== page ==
Human Capital means that all individuals are provided with opportunities to access job training, education programs, or re-entry supports.
Human Capital & Latino Health
Investment in early education, job training, and access to resources to further develop skills improves the chances of obtaining stable, long-term employment and increased wealth over the lifespan. Job stability and education level impact health in a multitude of ways – as education rises and job stability improves, stress is reduced, opportunities to live in safer, more vibrant neighborhoods increase, and opportunities to purchase healthier items increases as well.
Latinos under 30 are 2.5 times as likely to be murdered as whites of the same age. Latinos are more likely to be threatened or attacked with a gun. And when Latinos report crimes, the report can be less likely to lead to an arrest than when whites are victims of the same crimes. Because Latinos suffer unduly as victims of crime and yet often experience unequal treatment in the system, it is not surprising that surveys of Latinos reveal a desire for change. Many policies and practices do not align with Latinos’ values, needs or preferences — or serve them well.
For more than 40 years the Robert Wood Johnson Foundation has worked to improve the health and health care of all Americans. Our vision is for us, as a nation, to strive together to create a culture of health enabling all in our diverse society to lead healthy lives, now and for generations to come.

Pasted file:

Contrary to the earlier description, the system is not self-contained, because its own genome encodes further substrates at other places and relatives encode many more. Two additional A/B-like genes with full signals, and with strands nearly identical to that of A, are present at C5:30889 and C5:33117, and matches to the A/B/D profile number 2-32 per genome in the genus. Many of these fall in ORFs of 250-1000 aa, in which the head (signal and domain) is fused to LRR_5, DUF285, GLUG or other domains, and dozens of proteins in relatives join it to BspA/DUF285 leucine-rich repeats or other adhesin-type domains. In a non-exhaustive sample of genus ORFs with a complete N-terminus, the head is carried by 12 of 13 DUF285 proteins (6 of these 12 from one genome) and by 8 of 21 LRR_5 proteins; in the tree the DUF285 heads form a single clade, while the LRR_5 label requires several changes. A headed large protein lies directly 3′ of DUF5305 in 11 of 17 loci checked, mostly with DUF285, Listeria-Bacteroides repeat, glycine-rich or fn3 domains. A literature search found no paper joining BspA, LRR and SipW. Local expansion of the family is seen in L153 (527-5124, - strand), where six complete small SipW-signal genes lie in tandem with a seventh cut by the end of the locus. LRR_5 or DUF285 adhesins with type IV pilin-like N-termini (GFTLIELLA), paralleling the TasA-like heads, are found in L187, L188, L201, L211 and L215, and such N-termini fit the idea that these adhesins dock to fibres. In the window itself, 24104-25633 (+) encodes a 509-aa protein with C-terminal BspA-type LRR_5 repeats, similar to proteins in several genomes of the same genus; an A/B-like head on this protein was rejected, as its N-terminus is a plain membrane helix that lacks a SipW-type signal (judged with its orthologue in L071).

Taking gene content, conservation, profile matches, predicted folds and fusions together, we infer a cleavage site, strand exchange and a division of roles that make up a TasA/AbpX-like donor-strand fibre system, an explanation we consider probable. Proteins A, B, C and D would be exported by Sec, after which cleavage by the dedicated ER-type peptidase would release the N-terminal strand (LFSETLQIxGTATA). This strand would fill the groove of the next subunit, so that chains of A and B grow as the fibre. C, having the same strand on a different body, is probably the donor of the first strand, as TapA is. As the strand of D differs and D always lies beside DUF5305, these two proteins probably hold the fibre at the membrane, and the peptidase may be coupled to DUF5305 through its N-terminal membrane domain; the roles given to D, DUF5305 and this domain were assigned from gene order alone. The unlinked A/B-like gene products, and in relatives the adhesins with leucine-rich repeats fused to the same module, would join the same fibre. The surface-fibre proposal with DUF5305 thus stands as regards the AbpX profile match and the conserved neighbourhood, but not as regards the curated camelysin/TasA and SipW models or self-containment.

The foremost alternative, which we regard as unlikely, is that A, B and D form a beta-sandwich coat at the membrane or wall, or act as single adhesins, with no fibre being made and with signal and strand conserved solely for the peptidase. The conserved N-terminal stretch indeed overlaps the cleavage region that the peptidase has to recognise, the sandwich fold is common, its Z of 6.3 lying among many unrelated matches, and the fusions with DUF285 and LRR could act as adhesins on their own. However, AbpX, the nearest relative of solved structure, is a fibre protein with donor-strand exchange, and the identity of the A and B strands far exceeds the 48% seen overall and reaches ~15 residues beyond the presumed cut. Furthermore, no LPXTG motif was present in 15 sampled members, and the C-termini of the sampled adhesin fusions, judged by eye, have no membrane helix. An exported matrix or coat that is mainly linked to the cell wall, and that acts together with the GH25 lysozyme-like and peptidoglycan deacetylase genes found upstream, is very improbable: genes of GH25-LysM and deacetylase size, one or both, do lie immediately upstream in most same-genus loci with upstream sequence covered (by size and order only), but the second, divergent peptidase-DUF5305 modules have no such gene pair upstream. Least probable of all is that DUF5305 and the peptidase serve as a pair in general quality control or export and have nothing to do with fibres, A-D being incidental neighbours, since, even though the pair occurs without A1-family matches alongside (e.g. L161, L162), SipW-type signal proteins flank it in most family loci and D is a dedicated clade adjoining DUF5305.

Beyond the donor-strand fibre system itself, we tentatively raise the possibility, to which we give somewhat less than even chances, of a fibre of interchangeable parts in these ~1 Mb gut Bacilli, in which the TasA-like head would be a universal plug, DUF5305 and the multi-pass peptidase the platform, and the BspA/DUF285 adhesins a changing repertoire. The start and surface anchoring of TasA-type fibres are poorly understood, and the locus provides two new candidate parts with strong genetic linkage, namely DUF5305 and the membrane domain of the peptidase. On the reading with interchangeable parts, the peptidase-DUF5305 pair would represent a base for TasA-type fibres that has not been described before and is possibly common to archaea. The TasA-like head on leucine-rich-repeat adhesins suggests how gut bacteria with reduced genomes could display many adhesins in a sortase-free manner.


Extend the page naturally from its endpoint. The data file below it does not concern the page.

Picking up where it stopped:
In an attempt to understand and address the social factors that drive health inequities in Baltimore, the Johns Hopkins Urban Health Institute and the Office of the Provost sponsored the 2nd annual symposium on the Social Determinants of Health in April 2013, and invited local and national leaders to discuss how we can achieve health equity in Baltimore City. Among the many topics discussed was the importance of building human capital.
this report takes inspiration from a workshop of the Social capital global network, organised in Paris by IRDES and the OECD in October 2008. the presentations and discussions from this workshop provide an important basis to better understand the complex relationship between social capital and health, and the role education may play in this nexus.